Degree Name

Doctor of Philosophy


School of Computing and Information Technology


Lattice-based cryptography is an excellent candidate for post-quantum cryptography, i.e. cryptosystems which are resistant to attacks run on quantum computers. For efficiency reason, most of the constructions explored nowadays are based on structured lattices, such as module lattices or ideal lattices. The security of most constructions can be related to the hardness of retrieving a short element in such lattices, and one does not know yet to what extent these additional structures weaken the cryptosystems. A related problem – which is an extension of a classical problem in computational number theory – called the Short Principal Ideal Problem (or SPIP), consists of finding a short generator of a principal ideal. Its assumed hardness has been used to build some cryptographic schemes. However it has been shown to be solvable in quantum polynomial time over cyclotomic fields, through an attack which uses the Log-unit lattice of the field considered. Later, practical results showed that multiquadratic fields were also weak to this strategy.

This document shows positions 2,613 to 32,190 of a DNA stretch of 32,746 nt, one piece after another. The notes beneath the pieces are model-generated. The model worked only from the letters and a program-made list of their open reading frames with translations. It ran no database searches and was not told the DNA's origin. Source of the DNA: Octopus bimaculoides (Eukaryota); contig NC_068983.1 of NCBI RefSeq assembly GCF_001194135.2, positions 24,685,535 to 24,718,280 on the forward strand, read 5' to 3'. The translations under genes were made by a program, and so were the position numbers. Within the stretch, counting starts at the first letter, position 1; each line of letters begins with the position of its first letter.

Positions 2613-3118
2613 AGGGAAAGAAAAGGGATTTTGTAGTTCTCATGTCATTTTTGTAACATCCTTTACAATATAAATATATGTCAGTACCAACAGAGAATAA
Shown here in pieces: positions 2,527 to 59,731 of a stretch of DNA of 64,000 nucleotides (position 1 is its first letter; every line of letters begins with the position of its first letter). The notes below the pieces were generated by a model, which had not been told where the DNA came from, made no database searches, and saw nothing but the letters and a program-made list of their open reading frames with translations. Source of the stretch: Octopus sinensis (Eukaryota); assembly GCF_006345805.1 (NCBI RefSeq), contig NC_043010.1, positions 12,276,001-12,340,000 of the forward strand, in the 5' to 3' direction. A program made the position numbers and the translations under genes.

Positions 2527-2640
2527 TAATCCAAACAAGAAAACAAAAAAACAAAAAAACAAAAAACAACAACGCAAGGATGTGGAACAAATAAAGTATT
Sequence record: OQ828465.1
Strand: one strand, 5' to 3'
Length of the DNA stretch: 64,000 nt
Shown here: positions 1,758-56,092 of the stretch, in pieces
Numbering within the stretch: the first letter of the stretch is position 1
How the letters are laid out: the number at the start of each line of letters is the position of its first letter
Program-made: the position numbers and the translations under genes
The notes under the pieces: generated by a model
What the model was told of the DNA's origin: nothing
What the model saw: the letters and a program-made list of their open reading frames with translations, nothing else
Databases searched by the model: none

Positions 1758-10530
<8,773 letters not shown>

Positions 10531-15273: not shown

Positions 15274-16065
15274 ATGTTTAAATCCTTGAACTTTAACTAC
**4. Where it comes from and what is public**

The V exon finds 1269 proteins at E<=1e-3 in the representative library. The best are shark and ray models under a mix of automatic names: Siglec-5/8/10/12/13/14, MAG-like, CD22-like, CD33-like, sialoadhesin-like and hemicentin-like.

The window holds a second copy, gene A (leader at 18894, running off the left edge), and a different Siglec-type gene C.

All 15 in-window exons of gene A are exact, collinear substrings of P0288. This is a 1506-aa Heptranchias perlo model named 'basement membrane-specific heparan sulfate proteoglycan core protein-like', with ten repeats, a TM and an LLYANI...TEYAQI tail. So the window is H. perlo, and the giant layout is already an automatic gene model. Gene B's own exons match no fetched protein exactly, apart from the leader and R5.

The main general question that we study in this thesis is To what extent can structured lattices be used to build a post-quantum cryptography?

FoR codes (2008)

010101 Algebra and Number Theory, 080201 Analysis of Algorithms and Complexity



Unless otherwise indicated, the views expressed in this thesis are those of the author and do not necessarily represent the views of the University of Wollongong.